Virginia Power formerly Vepco revised its rate request this week to $78 million, down from a $90 million increase requested last November.

The revised request would boost Virginia Power's residential customers' rates by about 5.8 percent, down from the 6.2 percent increase customers would have seen on their bills under the original request. The company's revenue will be increased by 4.1 percent if the request is granted.

Should Virginia Power be awarded $78 million, the average 1,000-kilowatt hour residential customer's bill would rise from $68.23 to $72.18 a month, said Bill Hall, a utility spokesman.

The reduced request was possible because of revisions lowering the amount of revenue the company needed, complemented by further fuel cost reductions, Hall said.

Virginia Power had originally requested $150 million in additional revenue, offset by a $60 million fuel cost reduction. In the amended filing, the company is asking for $145 million in additional revenue and increasing the $60 million fuel cost reduction to $67 million, Hall said.

The $5 million adjustment in the amount of needed revenue was made possible through a decrease in the amount needed to start operations at the $968 million hydroelectric Bath County Power Station project and because of updated financial data not available at the time of the original filing. The Virginia State Corporation Commission had also asked for adjustments left over from the last rate case, Hall said.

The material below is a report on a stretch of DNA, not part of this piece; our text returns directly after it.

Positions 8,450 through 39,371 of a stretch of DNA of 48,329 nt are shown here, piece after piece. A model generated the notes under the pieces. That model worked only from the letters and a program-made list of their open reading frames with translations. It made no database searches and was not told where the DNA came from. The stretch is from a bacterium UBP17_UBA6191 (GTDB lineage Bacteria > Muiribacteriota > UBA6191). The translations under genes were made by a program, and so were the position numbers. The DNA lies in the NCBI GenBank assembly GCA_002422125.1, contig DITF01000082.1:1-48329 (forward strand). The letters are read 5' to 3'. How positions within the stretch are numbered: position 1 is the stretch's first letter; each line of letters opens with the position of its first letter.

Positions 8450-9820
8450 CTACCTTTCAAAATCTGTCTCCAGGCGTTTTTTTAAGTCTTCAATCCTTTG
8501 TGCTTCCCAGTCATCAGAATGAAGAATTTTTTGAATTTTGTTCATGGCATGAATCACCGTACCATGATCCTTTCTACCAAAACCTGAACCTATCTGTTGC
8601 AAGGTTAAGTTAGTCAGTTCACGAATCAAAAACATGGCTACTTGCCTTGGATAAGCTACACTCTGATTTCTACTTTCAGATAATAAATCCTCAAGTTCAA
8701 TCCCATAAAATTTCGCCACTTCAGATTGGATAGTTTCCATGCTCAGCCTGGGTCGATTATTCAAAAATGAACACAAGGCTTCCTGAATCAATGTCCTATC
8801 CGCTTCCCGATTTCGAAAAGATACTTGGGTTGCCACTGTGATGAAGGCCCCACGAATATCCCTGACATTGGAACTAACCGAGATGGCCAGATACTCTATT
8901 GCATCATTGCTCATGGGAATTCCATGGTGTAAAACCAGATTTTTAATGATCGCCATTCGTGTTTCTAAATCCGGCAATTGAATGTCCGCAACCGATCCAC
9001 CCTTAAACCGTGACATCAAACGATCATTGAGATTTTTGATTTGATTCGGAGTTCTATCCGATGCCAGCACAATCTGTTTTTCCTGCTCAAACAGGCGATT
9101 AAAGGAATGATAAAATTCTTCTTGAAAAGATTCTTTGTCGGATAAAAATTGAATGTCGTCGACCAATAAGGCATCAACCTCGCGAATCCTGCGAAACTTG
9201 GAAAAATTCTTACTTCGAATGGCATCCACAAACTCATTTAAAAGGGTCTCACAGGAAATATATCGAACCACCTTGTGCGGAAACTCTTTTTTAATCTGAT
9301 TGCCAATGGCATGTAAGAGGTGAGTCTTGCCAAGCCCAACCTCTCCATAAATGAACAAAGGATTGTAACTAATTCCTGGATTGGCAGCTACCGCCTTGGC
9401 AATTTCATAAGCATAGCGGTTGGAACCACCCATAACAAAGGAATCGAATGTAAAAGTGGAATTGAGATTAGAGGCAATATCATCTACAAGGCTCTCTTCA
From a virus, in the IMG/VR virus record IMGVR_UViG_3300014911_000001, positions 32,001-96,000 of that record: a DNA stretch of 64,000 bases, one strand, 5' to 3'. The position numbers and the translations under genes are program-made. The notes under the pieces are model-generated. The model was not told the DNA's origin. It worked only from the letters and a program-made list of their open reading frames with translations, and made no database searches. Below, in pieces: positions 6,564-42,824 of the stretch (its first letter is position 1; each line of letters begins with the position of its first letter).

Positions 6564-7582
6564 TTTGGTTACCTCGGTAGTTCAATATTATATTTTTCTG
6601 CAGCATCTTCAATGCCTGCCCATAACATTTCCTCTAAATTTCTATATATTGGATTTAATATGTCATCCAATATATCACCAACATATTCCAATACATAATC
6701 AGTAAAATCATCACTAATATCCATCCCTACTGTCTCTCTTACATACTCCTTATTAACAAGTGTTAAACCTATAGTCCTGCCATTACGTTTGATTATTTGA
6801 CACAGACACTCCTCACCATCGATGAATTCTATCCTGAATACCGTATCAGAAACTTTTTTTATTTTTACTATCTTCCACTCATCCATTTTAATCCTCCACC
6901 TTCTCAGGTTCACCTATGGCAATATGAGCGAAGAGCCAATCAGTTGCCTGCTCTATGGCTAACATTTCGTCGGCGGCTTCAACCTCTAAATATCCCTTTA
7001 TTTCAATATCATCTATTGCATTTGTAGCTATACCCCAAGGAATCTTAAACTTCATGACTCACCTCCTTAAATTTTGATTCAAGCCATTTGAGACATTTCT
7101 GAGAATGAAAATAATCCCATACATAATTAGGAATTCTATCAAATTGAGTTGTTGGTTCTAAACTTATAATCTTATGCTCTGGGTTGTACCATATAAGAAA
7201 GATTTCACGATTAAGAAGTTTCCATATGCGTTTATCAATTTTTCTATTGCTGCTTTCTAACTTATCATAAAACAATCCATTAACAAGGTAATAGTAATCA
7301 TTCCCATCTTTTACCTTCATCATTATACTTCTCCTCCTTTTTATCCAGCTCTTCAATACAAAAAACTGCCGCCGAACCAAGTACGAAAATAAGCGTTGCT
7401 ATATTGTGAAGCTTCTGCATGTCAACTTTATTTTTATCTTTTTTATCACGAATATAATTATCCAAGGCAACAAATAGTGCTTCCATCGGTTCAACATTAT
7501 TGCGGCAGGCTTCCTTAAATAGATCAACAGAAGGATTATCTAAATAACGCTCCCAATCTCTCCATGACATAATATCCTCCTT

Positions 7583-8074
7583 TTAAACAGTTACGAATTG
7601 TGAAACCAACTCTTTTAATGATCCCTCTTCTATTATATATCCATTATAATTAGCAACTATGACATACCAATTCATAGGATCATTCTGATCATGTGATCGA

The new Bath County Power Station, a hydroelectric plant, is expected to come on line May 1. Hearings on the case are to be held March 25 and 26, with the SCC expected to rule by May 1.

Virginia Power, which serves 1.4 million Virginia residents as well as residents of West Virginia and North Carolina, also said it would not build a conventional, coal-fired generating unit originally included the company's plans for 1993. Such a new unit would have cost Virginia Power at least $1.5 billion.

Instead, the utility will pursue a variety of other options, including new technologies with the potential for burning coal cleanly, Hall said.

In a separate statement, the Virginia State Corporation Commission said this week it had ordered Washington Gas Light Co. to refund customers excess revenue it had collected since last August.

The SCC said the company instituted a $6.2 million increase last year, instead of the $4.9 million increase it had authorized. Washington Gas Light Co. said customers would receive an average $5 credit on their bills, probably during the April billing period.